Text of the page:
Eurocamp director Pete Philo and longtime project leader Jelena Soce pulled off what the Portsmouth Invitational and the NBA draft combine in Chicago couldn't -- they got players to play.
Seeing actual prospects playing each other got Rockets GM Daryl Morey so excited, he Twittered, "The Reebok Eurocamp: Where 5-on-5 happens. Congrats to the Reebok organizers for their radical idea of having the prospects play basketball."
Morey wasn't alone in his praise. A number of top NBA decision-makers at the camp, including the Knicks' Donnie Walsh and Mike D'Antoni, the Jazz's Kevin O'Connor, the Suns' Steve Kerr, the Mavs' Donnie Nelson, the Pacers' David Morway and a host of other NBA assistant GMs and scouts, expressed similar sentiments.
Mix in a fantastic, intimate setting in which to watch basketball. Add a dash of great Italian food and gelato. Then throw in a number of potential NBA prospects fighting on the court for a shot at the NBA, and you have the gold standard for what an NBA draft camp should look like. Players played up to two competitive games a day, went through drills, met with teams and media, and still had time to get in an extra workout or two.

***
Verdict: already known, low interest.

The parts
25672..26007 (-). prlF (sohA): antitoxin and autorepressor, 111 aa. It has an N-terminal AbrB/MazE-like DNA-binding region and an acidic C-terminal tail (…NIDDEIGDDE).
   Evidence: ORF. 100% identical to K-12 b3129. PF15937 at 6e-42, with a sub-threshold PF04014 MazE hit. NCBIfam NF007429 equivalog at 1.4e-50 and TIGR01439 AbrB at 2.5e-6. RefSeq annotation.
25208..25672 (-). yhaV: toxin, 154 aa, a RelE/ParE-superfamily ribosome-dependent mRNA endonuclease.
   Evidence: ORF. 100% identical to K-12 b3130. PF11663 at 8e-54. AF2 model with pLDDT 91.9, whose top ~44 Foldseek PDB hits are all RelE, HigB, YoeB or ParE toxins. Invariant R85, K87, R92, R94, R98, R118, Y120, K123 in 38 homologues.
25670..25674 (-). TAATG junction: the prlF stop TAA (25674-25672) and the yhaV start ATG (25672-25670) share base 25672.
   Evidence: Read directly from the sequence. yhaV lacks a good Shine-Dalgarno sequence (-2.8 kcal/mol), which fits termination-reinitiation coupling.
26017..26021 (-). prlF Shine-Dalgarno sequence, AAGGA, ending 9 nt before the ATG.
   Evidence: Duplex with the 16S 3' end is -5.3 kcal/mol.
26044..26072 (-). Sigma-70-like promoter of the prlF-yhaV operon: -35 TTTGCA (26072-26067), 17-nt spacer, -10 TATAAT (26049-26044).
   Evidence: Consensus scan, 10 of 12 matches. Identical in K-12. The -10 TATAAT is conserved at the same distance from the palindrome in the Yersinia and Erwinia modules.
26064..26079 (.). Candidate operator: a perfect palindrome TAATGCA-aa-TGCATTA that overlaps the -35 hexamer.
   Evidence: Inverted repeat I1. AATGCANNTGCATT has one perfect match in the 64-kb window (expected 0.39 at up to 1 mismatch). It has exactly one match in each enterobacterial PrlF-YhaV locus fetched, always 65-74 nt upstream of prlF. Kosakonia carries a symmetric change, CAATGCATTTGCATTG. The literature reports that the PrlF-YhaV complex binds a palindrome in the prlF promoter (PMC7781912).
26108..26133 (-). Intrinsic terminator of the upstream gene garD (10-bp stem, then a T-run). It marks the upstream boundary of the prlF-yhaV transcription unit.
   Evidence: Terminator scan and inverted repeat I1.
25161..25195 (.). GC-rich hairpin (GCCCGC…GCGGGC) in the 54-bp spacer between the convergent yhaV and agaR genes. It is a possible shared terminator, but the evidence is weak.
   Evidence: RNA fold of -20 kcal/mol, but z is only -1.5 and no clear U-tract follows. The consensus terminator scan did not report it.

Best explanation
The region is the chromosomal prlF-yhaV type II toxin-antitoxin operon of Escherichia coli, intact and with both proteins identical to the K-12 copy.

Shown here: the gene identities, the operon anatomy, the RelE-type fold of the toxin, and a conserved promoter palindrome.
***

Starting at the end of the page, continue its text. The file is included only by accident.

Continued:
Heck, there was even a knockout fireworks show Sunday night.
While teams were disappointed that Brandon Jennings chose not to show and were even more frustrated when another of the camp's top prospects -- Sweden's Jonas Jerebko -- showed up at the camp a day late on Sunday and then refused to play because he was "tired" from a playoff series that had ended four days earlier, they saw players who were more than eager to go at each other.
After watching nearly 20 hours of basketball and talking to numerous GMs and scouts in attendance, here's a look at who helped and hurt their stock for both this draft and future drafts.